Just Named Director Of Nursing For An Assisted Living Facility? Take These Steps
Coming into a new Director of Nursing (DON) position at an assisted living facility you don't know well is a little scary. Your eagerness to enhance the experience of residents there can be high, but you might be concerned about challenges you've not yet been presented with. These action steps can ensure smooth changes for you, the residents, and your staff.
Observe the Department
Because your greatest responsibility is to oversee the nurses and aides, staff members might wonder whether you'll come in and start changing things right away. It's wise to observe for a few weeks instead; first see what's working and then start to formulate suggestions, ideas, and adjustments that may be sorely needed. Get a feel for the personalities that you're dealing with and spend your first few weeks getting to know people by name.
Examine Compensation Structures
As the DON in a facility, it's good to make yourself aware of the payment structures in place for your department, for many reasons. You likely know that good nurses and aides must be compensated fairly in order to keep them happy. You're also responsible for yearly reviews and raises, so you need to know what increases are fair.
Knowing what the pay is and ensuring that it's fair is also essential for you because you will be in charge of hiring per-diem and part-time staffers to step in when people are sick or take vacation days. These part-timers are out in the open market and know very well what the going rate for staff members is. If your facility isn't paying enough, it's harder to attracted those needed people.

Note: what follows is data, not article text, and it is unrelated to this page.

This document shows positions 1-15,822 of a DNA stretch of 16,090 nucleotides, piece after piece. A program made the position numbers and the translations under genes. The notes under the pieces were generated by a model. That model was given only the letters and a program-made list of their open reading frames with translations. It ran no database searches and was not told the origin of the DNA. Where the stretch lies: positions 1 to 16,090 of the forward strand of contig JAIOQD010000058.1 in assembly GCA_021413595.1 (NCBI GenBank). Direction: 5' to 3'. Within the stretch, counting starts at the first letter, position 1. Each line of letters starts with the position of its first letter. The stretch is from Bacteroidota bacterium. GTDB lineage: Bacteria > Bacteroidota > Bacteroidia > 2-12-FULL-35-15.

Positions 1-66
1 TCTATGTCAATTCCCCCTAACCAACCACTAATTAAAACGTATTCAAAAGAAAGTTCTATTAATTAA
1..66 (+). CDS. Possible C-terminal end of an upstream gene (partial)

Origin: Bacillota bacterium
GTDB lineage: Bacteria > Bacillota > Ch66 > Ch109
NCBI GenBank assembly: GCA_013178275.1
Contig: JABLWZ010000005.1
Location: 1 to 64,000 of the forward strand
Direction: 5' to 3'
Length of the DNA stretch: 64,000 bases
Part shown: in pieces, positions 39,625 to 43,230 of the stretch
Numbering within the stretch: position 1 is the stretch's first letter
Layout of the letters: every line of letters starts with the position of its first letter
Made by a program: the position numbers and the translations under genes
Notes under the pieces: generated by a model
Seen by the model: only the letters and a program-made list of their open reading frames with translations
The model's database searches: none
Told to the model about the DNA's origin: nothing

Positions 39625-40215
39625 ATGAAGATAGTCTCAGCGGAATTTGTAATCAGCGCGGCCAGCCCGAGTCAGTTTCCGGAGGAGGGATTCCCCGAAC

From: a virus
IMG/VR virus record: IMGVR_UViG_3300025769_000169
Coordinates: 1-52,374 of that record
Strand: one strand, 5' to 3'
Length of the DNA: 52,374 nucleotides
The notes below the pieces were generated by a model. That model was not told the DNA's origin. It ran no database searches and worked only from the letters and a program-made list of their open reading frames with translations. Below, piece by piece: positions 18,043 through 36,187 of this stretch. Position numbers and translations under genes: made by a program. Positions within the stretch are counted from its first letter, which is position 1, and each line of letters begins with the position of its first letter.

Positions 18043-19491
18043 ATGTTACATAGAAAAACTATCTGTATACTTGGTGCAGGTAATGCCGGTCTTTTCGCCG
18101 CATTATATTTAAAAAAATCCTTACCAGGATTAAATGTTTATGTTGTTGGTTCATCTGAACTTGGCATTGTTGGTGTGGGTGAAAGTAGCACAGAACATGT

Healthcare compensation valuation professionals are critical for working out these issues. You may ask your executive director if they are already in touch with such experts so that you can discuss your department with a professional. They can look over the current compensation structure within the nursing department and make recommendations that guide your own actions regarding payment and raises.
Ask for Recommendations
You might be ready to apply new rules or talk with your staff about what changes you're planning. Before this step, though, you might ask aides and nurses whether they have their own ideas and suggestions. Asking will show a willingness to listen, and this also empowers staffers who might not feel they were ever heard by superiors.
Your tenure as a nursing director can begin well when you're thinking about these tasks. Consult your executive director and industry professionals for more ideas